Subject: Variation of CPU speed explained!
Date: Mon, 2 Dec 1996 08:31:01 -0700
From: Matthew Mastracci
Organization: The University of Calgary
Newsgroups: comp.sys.hp48
Owing to the large amount of discussion over the constantly varying
CPU speeds, I would like to offer the results of my investigation. It
seems that the HP48 suffers from its own form of relativity. As many
physics students may know, if you head towards a spaceship travelling at
0.5c while travelling at that speed yourself, the ship will not be heading
towards you at 1.0c, but at a number significantly less than that, owing
to the Lorentz transformation:
v - u
v' = ------------ (Eq. 1)
1 - uv / c^2
where: v' is the relative speed
v is your speed
u is his speed
c is the speed of light (3.0 x 10^8 m/s)
There is also a parallel between this relativity and relativity
dealing with CPU speeds. Note the similar units:
Velocity: m/s
Processor speed: Hz, or 1/s
(speed is analagous to velocity when travelling in the positive direction
and as the HP48 PC register always travels in the positive direction
[except when using the "undo" function], we will refer to this as
"absolute processor velocity")
Also, there is a parallel between the speed of light (maximum
attainable velocity) and something I would like to call the "terminal
processor velocity". The value of the speed of light is (as stated
before) approximately 3.0 x 10^8 m/s. The terminal processor velocity is
therefore 300MHz (note that there are no P300s!). We can therefore
rewrite Eq. 1, the Lorentz transformation, as follows:
The Alcuin Transformation:
v - u
v' = ------------ (Eq. 2)
1 - uv / c^2
where: v' is the relative processor velocity (apparant CPU speed,
measured with the self-test)
v is your brain's processor velocity
u is the calculator's absolute processor velocity
c is the terminal processor velocity (300 MHz)
The results clearly state this: the processor speed does not actually
change over a period of time, you are simply thinking faster or slower
(depending on the direction of change) and changing your processing frame
of reference. This explains why the speed goes down with heat: you are no
longer thinking about working, but instead about beaches and relaxation,
therefore concentrating less on the calculator.
To counter this phenomenon, there are a few things you can do to help
you increase the apparant CPU speed of your calculator:
1) Stare at your calculator while it performs intense calculations
2) Get a friend to stare at your calculator too
3) Turn down the temperature in the room so that you concentrate less on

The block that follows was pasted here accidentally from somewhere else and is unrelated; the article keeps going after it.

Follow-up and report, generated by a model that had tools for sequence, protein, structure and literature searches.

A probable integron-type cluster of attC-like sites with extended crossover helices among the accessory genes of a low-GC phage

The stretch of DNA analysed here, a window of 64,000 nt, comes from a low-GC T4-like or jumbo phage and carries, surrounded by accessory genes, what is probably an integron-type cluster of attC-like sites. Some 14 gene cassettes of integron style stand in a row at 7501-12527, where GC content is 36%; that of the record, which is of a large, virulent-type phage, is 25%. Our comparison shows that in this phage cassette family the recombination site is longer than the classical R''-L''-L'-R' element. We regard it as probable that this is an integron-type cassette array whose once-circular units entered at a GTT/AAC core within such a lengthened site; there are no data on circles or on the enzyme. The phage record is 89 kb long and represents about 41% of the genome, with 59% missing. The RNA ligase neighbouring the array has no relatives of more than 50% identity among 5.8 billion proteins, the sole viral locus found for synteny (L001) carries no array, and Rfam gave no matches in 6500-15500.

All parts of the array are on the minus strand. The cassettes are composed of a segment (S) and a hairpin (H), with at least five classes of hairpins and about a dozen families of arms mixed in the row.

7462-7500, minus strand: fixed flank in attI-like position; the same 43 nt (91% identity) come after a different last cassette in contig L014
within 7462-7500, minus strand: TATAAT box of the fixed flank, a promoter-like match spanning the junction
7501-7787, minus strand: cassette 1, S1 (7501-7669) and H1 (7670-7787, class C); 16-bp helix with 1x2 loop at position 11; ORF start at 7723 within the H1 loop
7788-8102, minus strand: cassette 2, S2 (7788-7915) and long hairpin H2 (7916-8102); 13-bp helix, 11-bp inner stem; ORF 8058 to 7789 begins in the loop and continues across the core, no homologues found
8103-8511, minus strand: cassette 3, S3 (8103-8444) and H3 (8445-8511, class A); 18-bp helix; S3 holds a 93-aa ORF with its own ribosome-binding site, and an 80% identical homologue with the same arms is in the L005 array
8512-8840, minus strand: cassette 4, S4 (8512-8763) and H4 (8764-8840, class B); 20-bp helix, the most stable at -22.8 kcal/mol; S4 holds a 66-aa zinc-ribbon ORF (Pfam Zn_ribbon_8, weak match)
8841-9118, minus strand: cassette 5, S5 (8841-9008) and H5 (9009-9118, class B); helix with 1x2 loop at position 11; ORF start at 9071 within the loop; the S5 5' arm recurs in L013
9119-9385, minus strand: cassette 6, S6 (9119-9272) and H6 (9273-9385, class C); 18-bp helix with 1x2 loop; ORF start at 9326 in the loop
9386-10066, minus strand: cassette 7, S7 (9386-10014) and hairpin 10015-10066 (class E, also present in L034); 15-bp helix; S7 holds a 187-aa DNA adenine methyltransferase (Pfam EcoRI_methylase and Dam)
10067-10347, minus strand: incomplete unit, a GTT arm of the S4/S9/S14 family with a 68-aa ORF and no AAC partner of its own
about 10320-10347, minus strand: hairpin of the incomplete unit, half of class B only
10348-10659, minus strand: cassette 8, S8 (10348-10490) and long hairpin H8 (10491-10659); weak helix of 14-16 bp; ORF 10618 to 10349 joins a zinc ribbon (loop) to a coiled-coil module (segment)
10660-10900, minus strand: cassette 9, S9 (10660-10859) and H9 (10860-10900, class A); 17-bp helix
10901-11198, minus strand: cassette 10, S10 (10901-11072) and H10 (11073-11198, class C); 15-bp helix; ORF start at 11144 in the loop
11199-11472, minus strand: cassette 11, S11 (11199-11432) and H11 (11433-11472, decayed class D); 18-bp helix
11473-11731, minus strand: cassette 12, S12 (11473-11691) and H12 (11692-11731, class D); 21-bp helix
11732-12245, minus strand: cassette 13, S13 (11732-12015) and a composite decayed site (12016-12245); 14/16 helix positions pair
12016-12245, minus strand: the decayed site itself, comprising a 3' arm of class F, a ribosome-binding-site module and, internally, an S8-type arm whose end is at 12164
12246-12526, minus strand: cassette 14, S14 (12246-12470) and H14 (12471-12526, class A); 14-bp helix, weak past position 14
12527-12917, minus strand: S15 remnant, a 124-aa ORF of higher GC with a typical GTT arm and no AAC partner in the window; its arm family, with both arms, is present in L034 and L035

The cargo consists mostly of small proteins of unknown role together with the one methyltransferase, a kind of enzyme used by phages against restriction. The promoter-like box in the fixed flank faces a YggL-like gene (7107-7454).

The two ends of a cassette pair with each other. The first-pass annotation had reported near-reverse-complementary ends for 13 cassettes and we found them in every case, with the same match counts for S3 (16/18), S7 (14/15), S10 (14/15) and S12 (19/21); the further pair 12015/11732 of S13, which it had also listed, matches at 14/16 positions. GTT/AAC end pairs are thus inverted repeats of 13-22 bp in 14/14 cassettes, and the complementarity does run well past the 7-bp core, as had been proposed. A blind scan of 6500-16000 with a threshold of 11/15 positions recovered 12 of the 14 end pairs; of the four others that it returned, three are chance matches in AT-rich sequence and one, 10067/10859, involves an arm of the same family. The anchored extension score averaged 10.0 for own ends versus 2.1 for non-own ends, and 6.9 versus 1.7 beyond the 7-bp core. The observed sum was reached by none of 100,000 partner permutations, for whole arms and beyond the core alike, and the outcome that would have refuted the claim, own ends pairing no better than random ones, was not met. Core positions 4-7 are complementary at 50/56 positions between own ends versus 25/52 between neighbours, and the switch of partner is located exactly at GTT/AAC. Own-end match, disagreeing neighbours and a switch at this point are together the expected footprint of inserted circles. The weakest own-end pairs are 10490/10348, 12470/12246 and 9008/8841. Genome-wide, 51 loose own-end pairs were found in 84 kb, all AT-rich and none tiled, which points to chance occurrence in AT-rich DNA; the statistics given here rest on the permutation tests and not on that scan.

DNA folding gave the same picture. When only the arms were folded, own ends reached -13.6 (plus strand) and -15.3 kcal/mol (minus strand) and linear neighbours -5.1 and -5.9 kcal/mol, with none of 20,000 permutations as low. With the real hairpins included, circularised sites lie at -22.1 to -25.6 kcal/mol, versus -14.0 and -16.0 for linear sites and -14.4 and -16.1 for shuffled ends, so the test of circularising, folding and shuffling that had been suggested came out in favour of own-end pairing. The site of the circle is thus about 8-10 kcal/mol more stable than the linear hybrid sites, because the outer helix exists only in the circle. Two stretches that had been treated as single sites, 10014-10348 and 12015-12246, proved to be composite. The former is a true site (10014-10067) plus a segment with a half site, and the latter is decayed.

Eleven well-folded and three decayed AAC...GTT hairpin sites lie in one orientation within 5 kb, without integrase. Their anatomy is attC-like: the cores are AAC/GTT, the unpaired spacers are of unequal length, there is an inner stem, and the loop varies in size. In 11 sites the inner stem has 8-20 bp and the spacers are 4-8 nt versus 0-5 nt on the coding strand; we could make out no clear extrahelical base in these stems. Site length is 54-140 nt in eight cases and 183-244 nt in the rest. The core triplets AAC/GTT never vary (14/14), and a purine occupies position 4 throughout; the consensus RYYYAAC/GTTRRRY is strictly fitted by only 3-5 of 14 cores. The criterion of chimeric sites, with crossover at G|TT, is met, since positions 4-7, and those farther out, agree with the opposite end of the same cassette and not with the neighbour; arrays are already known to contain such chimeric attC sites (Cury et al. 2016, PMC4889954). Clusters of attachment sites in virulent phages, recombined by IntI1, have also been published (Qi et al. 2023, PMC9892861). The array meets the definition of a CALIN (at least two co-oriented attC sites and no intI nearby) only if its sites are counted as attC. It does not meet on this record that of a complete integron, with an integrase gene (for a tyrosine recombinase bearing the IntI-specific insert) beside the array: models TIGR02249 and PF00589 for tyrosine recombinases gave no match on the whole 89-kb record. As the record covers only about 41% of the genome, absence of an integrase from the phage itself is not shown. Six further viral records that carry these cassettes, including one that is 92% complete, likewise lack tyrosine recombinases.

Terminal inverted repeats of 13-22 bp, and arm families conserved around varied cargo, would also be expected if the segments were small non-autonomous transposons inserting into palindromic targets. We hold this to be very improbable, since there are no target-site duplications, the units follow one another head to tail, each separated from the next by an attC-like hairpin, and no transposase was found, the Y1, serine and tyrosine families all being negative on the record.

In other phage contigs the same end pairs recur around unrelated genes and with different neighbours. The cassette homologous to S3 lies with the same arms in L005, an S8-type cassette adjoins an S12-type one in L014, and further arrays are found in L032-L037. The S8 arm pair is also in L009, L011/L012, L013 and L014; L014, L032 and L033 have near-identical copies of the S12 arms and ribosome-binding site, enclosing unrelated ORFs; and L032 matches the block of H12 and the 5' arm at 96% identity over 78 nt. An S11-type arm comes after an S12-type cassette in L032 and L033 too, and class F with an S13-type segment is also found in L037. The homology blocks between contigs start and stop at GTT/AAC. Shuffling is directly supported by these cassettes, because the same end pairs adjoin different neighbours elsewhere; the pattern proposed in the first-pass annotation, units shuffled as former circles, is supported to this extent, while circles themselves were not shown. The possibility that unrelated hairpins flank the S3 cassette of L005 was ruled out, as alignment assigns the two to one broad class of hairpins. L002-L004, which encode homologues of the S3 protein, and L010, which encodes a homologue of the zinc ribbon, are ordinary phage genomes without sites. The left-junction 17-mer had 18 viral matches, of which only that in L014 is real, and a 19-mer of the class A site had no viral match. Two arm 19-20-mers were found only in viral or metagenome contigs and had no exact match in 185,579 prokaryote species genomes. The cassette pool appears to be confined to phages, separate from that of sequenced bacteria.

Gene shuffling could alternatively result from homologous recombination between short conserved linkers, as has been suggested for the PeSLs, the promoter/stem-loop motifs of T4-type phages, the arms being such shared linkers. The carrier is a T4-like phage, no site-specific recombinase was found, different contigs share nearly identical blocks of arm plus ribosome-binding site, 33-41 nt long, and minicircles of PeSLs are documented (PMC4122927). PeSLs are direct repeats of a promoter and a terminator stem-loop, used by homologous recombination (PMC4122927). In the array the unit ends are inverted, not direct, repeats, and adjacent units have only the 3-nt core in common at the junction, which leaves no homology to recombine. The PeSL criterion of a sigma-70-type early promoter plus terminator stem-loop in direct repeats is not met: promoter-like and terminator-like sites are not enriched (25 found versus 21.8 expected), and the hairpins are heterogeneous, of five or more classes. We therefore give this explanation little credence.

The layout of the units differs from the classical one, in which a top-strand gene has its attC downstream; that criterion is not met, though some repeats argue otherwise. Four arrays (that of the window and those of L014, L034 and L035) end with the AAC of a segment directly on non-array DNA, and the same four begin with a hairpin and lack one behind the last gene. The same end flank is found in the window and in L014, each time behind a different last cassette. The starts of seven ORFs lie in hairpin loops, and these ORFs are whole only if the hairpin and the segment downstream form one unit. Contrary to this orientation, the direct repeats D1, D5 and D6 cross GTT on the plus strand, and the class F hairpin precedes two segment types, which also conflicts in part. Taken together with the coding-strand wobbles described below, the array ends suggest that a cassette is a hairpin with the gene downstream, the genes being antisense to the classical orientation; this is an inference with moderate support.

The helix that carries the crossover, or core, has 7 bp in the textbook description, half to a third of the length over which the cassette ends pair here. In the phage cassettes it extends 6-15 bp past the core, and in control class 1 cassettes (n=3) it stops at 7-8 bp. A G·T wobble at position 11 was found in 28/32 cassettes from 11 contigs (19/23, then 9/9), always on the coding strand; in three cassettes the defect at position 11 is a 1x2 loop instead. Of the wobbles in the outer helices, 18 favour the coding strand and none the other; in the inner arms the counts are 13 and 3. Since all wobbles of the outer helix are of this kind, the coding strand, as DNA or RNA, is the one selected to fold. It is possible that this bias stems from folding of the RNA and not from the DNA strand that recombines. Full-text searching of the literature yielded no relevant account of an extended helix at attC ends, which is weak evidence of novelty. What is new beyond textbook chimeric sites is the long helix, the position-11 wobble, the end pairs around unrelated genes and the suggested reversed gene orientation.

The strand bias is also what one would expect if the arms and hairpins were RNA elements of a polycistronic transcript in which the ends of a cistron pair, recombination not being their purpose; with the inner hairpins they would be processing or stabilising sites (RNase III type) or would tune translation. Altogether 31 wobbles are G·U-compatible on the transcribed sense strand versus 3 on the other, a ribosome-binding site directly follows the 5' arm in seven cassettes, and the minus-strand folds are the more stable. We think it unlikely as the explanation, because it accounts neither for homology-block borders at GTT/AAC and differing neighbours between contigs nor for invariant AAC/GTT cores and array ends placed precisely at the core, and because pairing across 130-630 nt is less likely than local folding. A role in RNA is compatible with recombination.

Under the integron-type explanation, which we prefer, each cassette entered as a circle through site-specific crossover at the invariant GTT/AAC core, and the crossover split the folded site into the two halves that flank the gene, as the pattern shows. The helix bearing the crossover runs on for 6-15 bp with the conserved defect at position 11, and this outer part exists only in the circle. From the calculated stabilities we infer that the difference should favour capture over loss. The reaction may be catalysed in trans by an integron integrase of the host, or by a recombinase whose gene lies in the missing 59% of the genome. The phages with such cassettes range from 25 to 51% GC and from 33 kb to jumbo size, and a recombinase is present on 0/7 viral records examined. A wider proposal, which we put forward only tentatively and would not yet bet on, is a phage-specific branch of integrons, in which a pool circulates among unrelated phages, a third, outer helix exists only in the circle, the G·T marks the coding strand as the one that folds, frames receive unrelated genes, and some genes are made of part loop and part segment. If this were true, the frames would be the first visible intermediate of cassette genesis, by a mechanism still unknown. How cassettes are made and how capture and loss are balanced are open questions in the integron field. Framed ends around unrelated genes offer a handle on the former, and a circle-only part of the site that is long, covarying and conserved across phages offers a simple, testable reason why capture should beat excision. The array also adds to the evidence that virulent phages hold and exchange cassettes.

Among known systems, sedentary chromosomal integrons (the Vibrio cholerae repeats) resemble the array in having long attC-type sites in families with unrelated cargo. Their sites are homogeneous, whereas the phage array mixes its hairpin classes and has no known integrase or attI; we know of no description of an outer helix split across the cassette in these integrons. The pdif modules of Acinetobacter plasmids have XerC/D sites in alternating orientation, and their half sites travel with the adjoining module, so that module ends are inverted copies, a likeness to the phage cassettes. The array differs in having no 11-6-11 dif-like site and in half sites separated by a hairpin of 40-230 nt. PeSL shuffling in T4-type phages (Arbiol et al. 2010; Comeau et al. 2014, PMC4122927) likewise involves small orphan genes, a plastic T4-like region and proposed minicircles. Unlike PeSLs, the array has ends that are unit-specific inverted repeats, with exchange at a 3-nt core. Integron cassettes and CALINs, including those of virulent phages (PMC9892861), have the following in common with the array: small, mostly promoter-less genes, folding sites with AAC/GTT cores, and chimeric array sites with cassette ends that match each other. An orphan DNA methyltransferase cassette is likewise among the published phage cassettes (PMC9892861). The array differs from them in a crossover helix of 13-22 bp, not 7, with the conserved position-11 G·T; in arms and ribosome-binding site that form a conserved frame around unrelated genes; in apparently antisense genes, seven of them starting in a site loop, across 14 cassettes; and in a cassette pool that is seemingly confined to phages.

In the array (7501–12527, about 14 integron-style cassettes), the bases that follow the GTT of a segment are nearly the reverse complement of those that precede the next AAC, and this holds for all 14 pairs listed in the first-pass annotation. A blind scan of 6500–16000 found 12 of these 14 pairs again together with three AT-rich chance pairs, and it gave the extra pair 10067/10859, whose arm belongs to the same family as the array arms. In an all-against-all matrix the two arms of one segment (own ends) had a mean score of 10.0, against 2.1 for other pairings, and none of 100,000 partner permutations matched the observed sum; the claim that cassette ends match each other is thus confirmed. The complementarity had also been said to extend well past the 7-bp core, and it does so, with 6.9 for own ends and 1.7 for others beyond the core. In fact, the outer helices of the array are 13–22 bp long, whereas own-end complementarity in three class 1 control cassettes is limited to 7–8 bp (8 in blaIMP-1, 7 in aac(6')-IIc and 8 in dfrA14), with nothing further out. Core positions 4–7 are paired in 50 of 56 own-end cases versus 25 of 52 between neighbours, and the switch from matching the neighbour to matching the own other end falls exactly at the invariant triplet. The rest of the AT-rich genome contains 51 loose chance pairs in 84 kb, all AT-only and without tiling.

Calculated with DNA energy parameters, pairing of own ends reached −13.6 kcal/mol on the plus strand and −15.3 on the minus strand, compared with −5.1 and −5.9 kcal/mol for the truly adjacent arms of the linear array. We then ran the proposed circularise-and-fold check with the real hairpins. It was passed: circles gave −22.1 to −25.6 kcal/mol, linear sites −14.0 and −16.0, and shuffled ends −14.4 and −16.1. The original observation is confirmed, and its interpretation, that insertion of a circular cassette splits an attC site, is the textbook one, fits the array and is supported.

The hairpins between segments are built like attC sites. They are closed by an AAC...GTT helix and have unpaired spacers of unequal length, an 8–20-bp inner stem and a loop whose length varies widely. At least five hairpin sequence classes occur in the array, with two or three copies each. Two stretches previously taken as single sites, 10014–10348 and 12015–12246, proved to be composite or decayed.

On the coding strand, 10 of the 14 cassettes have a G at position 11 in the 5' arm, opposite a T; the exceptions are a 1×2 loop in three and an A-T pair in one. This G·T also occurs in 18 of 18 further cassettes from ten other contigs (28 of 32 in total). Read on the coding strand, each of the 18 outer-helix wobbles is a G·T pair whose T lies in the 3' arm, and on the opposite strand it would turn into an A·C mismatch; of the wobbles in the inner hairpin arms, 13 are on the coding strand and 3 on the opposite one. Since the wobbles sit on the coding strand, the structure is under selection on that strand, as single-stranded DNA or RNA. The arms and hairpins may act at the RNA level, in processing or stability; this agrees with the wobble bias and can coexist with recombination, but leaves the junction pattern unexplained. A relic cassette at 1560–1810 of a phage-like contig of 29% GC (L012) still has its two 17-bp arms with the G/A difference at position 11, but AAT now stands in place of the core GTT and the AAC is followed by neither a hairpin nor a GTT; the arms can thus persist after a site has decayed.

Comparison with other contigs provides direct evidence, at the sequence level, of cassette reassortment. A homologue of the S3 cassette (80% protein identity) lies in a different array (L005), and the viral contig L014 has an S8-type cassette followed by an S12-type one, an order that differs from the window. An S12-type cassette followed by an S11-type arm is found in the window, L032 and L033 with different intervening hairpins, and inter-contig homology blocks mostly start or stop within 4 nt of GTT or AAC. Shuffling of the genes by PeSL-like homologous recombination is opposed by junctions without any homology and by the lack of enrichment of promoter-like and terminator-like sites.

beaches and more on the calculator
4) Meditate 20-30 minutes before using the calculator to focus your mind
on it
This "law of processor relativity" can also be extended to explain
the processing speed difference between the HP48S-series and the
HP48G-series. As the HP48G calculators have fancy pick-lists, interactive
screens and large amounts of visually pleasing greyscale games, you think
about them twice as much and the processor speed is therefore twice as
much.
An interesting result of this law is that no computer may actually
calculate at a speed of 300MHz. As with the theory of relativity for
light, however, it is possible to lie on either side of this value, with
values higher than this yielding a travel in time backwards, or in the
case of CPUs, a negative increment in the instruction pointer register.
Supercomputers, like the Cray, that process faster than 300MHz must
therefore be programmed backwards to achieve the desired results.
It is unlikely that home computers will reach this speed however, as
all existing software would have to be run through a filter to reverse the
order of all the bytes.
/\/\att /\/\astracci mmastrac@acs.ucalgary.ca
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Subject: Re: Variation of CPU speed explained!
Date: Mon, 02 Dec 1996 11:00:59 -0800
From: Dave Arnett
Organization: Hewlett-Packard Mobile Computing Division
To: Matthew Mastracci
Newsgroups: comp.sys.hp48
This is an interesting idea, but I fear it has a small flaw in that it
applies quantum principles with a classical mindset.
The concept which is missing is that the bits are quantized, and so the
observed effects can be more profound than those predicted. There is
not a continuum of speeds at which the bits can move, because they are
trapped inside a box. The bits must propagate through the CPU at
certain allowed energies related to the CMOS Cell parameters and the
dopant levels used in fabricating the CPU.
The best battery efficiency in such a system is achieved by placing the
energy of the bits at the desired quantum level, so the production of
stray fluxons is reduced.
We placed the default energy just above the selcted quantum level to
allow for certain variances. However, we forgot to account for the fact
that any point on the surface of the earth is moving faster through
space at midnight than at noon. This is where the Lorentz/Alcuin
transformations come into play, in that the difference in v can cause
large quantized jumps in bit speed as the Gibbs Free Energy of the
system is changed during planetary rotation.
This phenomenon was first observed during the Gemini missions. The
real reason that HP calculators have flown on so many NASA flights
is that they use the variations in the reported CPU speed as a means
of measuring their orbital velocity. This was quite important on
Apollo, since they had no earth-based references for navigation while
on the far side of the moon.
Omitting these factors in the Yorke IC design was a serious error on our
part.
Good day!
Dave.
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I don't speak for Gibbs or Gerber when I post here.